I do genuinely feel that compared to a few years ago there is far, far more intellectual effort going into the curatorial decisions behind London art shows. I first noticed the shift at Elizabeth Xi Bauer’s Rolling With the Homies group two years ago, where I had a fantastic discussion with director Callum Welsh about the difficulties of balancing art that's actually going to sell while maintaining a gallery space that doesn't feel like an over-glorified warehouse. With the rise of collectives and non-permanent gallery spaces in large metropolitan areas this isn't always an easy balancing act, but it's certainly not impossible, especially in London, and this weekend has done nothing to disabuse me of hope. AEP Studios' showspace at Noho Showrooms on Great Titchfeild Street was utterly transformed by some clever lighting choices in the downstairs area taken straight from David Batchelor's Chromophobia thesis. Jesper Lee Thempsen's Imperceptible Figure at Hot Wheels contained some insanely witty meta-digs at the traditional gallery structure  think Jay Jopling commissioning Cy Twombly and Ralph Steadman to write and illustrate a press release — and critics like Guy Brett, whose work in the early nineties really helped propel the question of why images and their interpretations matter to the forefront of the curatorial ethos in the UK, got an absolutely stunning homage at Alison JaquesYou simply wouldn't have got a show dedicated to a critic's collection five years ago.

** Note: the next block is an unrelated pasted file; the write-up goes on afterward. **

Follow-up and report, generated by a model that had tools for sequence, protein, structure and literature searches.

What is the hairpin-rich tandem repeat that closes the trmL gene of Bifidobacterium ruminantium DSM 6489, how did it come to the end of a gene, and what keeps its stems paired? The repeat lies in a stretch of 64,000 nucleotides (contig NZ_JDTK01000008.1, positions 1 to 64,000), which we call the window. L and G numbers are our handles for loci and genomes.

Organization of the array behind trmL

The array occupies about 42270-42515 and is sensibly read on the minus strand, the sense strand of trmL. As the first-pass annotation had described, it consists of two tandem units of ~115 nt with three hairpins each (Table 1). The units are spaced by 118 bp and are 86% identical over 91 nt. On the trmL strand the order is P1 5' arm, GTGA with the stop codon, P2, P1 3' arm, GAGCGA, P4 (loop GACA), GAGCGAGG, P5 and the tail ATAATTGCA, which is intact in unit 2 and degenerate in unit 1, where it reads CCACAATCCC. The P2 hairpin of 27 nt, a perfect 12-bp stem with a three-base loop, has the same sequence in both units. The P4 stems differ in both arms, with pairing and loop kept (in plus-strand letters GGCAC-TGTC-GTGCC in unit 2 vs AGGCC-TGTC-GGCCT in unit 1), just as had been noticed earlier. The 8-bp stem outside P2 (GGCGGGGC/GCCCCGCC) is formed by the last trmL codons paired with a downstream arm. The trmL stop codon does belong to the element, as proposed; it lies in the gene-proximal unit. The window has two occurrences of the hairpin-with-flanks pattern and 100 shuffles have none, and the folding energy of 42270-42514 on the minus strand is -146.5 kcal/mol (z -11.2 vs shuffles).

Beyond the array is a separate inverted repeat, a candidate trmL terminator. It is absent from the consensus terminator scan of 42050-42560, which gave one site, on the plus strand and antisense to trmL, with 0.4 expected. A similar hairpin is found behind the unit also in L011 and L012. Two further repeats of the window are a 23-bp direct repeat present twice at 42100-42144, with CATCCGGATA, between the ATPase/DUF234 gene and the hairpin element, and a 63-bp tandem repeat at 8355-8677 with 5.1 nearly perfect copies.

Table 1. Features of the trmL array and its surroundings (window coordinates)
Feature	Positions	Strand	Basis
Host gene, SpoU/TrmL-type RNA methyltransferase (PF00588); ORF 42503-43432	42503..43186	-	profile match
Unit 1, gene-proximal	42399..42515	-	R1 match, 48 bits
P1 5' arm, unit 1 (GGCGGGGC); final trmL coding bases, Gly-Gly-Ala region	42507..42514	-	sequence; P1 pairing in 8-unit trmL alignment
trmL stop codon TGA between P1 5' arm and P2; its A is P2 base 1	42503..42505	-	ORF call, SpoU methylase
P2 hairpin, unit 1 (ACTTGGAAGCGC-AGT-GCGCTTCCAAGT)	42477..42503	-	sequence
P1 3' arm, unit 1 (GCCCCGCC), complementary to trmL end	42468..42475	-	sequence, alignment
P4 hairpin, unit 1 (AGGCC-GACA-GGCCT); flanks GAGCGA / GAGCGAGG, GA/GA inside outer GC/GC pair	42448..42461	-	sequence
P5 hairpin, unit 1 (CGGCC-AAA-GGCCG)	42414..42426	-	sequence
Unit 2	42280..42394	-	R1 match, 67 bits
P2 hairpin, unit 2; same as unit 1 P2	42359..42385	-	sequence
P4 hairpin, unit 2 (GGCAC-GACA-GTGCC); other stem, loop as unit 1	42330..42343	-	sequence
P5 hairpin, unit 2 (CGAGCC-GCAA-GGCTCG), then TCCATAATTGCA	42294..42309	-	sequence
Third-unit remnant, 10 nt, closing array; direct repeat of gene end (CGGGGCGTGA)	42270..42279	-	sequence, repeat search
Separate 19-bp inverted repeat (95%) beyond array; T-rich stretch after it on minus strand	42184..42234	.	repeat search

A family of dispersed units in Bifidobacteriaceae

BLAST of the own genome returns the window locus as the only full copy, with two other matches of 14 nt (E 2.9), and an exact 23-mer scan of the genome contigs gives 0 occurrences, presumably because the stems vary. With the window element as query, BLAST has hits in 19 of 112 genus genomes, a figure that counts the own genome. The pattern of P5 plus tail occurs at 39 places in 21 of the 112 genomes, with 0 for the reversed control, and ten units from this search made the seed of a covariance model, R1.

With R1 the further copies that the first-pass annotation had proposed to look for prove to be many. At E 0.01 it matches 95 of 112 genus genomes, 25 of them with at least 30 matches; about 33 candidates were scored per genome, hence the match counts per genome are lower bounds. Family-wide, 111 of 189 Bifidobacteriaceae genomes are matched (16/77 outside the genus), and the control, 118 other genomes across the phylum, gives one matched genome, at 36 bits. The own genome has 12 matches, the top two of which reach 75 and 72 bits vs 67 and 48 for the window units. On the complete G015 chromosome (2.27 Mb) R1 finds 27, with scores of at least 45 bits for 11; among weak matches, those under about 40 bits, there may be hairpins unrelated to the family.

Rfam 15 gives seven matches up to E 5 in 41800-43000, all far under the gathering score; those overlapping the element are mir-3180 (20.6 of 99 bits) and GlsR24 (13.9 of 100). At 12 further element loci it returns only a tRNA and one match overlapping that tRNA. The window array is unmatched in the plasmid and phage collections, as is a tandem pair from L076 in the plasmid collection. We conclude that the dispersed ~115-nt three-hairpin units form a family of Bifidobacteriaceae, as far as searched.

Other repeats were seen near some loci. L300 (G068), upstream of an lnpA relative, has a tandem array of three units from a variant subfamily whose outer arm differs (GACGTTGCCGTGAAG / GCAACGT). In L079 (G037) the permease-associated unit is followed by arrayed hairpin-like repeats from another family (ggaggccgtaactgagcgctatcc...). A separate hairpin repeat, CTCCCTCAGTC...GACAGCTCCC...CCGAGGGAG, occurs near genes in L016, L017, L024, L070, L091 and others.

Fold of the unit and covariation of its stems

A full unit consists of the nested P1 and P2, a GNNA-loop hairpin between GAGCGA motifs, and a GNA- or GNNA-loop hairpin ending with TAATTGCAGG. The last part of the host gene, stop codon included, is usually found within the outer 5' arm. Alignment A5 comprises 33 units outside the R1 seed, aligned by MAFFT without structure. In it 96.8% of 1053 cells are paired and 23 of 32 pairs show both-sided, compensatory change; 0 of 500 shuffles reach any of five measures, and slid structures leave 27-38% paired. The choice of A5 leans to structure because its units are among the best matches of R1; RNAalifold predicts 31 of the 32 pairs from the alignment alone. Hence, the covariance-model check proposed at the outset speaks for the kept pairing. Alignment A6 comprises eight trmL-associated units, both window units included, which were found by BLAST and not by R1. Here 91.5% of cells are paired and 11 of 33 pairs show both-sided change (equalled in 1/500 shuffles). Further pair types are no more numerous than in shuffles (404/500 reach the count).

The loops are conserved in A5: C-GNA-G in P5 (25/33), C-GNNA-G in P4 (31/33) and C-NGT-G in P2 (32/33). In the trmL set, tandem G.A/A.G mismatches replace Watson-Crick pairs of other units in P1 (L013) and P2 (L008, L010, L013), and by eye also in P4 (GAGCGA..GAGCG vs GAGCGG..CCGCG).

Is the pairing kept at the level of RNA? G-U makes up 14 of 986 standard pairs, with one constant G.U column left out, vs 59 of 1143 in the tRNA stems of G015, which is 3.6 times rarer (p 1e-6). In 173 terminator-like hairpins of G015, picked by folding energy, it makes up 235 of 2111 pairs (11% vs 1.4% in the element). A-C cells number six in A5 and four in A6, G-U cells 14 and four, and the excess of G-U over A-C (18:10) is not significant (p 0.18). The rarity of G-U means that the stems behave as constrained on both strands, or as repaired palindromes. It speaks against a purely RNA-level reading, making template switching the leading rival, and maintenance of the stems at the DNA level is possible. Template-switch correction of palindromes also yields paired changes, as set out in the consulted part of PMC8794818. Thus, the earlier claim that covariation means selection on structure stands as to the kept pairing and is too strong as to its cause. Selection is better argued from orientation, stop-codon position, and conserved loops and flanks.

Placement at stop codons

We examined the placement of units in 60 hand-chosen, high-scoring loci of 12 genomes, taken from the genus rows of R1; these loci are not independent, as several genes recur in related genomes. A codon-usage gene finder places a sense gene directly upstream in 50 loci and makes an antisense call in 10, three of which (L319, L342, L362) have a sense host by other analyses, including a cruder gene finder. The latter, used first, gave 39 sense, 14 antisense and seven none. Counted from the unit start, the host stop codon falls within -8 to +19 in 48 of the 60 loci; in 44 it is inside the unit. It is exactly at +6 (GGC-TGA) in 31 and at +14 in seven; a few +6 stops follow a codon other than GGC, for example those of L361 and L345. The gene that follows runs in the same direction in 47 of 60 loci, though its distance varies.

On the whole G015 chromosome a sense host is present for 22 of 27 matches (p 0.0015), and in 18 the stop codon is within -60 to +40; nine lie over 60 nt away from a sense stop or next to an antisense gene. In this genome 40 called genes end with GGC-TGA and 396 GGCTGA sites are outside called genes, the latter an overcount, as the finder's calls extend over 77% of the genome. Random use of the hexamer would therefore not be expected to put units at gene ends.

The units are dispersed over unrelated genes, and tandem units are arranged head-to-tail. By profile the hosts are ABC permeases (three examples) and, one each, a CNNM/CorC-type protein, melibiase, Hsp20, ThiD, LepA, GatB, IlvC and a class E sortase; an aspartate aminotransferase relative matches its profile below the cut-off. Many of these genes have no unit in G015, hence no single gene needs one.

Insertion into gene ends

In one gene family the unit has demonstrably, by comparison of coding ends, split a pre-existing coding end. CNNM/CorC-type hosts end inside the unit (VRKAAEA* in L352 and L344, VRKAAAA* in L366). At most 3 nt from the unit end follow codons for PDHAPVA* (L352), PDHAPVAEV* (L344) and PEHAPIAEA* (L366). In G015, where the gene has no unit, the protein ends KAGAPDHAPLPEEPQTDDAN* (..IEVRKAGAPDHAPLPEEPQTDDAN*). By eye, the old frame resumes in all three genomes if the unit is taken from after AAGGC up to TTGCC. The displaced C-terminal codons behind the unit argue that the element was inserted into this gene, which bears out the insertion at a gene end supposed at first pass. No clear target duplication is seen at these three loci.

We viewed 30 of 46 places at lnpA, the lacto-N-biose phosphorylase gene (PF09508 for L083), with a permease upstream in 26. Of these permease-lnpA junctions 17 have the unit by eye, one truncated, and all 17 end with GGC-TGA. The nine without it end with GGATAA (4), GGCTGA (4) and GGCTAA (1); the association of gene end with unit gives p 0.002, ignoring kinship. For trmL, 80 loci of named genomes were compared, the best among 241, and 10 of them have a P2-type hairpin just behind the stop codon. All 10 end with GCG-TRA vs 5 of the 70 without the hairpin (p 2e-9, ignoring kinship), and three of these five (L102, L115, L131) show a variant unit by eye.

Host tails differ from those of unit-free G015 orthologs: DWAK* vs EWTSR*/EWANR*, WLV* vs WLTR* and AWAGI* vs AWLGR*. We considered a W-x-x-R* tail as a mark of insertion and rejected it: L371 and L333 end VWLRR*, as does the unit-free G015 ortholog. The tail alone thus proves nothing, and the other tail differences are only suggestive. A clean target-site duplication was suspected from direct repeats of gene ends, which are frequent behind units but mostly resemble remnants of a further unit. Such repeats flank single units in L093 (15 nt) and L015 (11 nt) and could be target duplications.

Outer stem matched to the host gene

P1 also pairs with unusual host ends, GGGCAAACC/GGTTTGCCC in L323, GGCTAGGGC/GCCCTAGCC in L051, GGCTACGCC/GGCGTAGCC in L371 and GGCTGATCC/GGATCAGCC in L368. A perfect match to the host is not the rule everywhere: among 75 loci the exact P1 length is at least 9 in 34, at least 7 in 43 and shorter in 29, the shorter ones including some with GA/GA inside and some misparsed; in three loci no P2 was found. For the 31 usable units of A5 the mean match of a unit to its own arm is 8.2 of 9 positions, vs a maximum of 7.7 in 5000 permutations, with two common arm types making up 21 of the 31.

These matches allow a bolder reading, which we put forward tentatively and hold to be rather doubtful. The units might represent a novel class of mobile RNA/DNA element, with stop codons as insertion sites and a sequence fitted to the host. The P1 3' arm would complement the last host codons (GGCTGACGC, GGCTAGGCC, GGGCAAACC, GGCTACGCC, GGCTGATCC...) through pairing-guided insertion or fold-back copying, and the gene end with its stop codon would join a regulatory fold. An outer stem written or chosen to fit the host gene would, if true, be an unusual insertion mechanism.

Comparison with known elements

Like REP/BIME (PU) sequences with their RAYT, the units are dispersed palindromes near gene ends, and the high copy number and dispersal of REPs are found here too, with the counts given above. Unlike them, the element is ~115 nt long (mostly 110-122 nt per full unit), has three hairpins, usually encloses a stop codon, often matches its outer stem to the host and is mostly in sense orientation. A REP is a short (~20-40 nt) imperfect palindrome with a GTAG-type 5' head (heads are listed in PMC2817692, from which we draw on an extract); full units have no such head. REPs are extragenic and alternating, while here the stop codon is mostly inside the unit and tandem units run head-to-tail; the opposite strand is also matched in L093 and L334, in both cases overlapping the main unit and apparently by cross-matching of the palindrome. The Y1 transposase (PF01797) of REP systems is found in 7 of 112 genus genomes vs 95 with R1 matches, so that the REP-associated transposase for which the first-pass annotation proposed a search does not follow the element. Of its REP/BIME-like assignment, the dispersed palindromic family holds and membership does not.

Tatol notes that “there’s no clear economic reason for art criticism that is not glorified public relations to exist, and so it barely does.” but, as Davis points out, there are certainly more PR professionals than art critics these days, and curators seem blend in more easily with the latter than the former. With articles like Negative Criticisms re-making the rounds and the general cultural re-embrace of, well, being (rather than merely appearing) well-read, one cautiously suggests these kind of bluestocking theories are making a resurgence not just in the art being produced by London-based artists, but by the institutions and individuals charged with displaying them. It might be vain to say that I'm pleased more galleries seem to be angling for critics attention and, in some cases, even preparing for their scrutiny; however I do sincerely believe it leads to better shows (there's a reason all those big boring books were written and although I enjoy Brad Troemel immensely it wasn't just to fund CIA psy-ops). Maybe I got lucky and all the smart people made a pitstop in London for the Gallery Weekend before galavanting off to Basel later this month, but overall I have been left feeling cautiously optimistic about the intellectual trajectory of contemporary art in the city.


Victoria Comstock-Kershaw is a London-based arts journalist and contemporary art critic for Fetch Magazine and Saltzpeter.